Kitchen Cupboard Magic
Adapted from Witch in the Kitchen, by Cait Johnson (Inner Traditions,
We don’t usually think of sea salt and basil and apples as magical,
but our more earth-centered ancestors knew they were.
Here, then, is a list of some traditional herb correspondences;
choose one or more according to your desire. You can add a handful to your
washing-water next time you mop the floor:
Apples: Food of the Goddess, love. Add a few pieces of fresh or dried
apple to your water (but not too much or you’ll end up with sticky
Basil: Love, fidelity, wealth, protection. A nice all-purpose herb
with a luscious summery scent.
Chamomile: Serenity and calm; purification. Smells like a blend of
apples and new-mown hay. While you’re at it, make yourself a cup of tea to
drink after you’ve finished cleaning; it’s very relaxing.
Cinnamon: Happy home, safety, healing, protection. The primal
home-and-hearth spice. Use pieces of cinnamon stick for your brew
(the powdered kind will turn into a gelatinous glop in the bucket).
Clove: Purification; promotes love and spirituality. Try it with
Eucalyptus: Health, protection. Warm and fresh, actually kills germs.
Evergreen: Health, purification, vitality. A few sprigs of pine,
cedar, or juniper growing nearby, a few sprigs placed in boiling water will add
green freshness to your housecleaning brew.
Lavender: Love, friendship, peace, happiness, protection. Such a
sweet, relaxing, and calm-inducing scent–and it’s also an antidepressant.
Lemon peel: Purification. It’s no accident that so many cleaning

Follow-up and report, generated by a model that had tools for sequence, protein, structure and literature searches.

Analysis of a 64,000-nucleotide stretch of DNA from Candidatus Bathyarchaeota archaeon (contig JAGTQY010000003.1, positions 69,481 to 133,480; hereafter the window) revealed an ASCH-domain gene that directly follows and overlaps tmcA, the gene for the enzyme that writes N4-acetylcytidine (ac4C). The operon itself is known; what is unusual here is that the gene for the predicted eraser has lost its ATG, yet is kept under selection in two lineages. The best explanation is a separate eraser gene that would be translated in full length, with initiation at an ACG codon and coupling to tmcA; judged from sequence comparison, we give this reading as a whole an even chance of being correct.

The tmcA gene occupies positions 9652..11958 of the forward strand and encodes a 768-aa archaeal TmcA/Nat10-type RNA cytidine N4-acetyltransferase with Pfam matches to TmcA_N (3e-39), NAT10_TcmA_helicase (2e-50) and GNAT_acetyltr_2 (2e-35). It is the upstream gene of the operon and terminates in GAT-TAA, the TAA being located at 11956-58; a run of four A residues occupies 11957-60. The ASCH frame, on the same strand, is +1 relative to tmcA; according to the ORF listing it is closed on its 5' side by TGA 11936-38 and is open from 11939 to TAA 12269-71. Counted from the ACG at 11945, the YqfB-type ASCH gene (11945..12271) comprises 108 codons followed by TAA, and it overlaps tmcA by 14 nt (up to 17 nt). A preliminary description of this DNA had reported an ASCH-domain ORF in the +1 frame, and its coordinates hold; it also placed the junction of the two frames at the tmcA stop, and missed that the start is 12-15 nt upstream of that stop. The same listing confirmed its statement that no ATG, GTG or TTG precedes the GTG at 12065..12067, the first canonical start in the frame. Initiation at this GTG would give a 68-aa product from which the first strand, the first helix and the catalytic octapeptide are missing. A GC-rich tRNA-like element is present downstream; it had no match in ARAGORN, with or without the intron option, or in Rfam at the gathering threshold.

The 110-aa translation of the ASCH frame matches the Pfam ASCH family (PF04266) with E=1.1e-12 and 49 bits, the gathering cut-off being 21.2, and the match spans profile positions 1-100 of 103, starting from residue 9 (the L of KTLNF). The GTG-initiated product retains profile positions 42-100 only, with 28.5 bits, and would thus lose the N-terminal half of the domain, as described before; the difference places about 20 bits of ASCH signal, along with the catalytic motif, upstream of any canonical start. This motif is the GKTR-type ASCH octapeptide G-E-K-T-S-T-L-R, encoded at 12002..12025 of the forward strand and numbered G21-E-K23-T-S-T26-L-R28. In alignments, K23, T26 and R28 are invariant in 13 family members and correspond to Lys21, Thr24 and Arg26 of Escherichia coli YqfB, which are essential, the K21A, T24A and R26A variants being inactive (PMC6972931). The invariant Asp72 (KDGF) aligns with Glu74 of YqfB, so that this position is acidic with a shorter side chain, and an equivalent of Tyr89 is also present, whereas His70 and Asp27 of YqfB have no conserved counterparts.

products are lemon-scented; lemon smells fresh and uplifting and cleanses
Marjoram: Love, protection, antidepressant. You can sprinkle a little
of this dried herb in the corners of every room to promote love and
Peppermint: Purification, healing, soothing. A wonderfully relaxing
and refreshing scent.
Rosemary: Cleansing and protection; clears negativity; encourages
Sage: Purification, wisdom. It’s no coincidence that the word
for “wise one” is the same as the herb’s name. A traditional ingredient of many
Native American smudge bundles, a strong sage tea will help clear your home
Sea salt: Traditional for purification and protection. If you’ve been
feeling vulnerable or weird and you only have time to add one
ingredient to your wash-water, this could be it.
Vanilla: love, happiness. A piece of the bean or a few drops of
extract will make your home smell and feel delicious.
For Negative forces in the home
At the front and back door of your house, hand two
bunches of clover upside down. As you hang each bunch,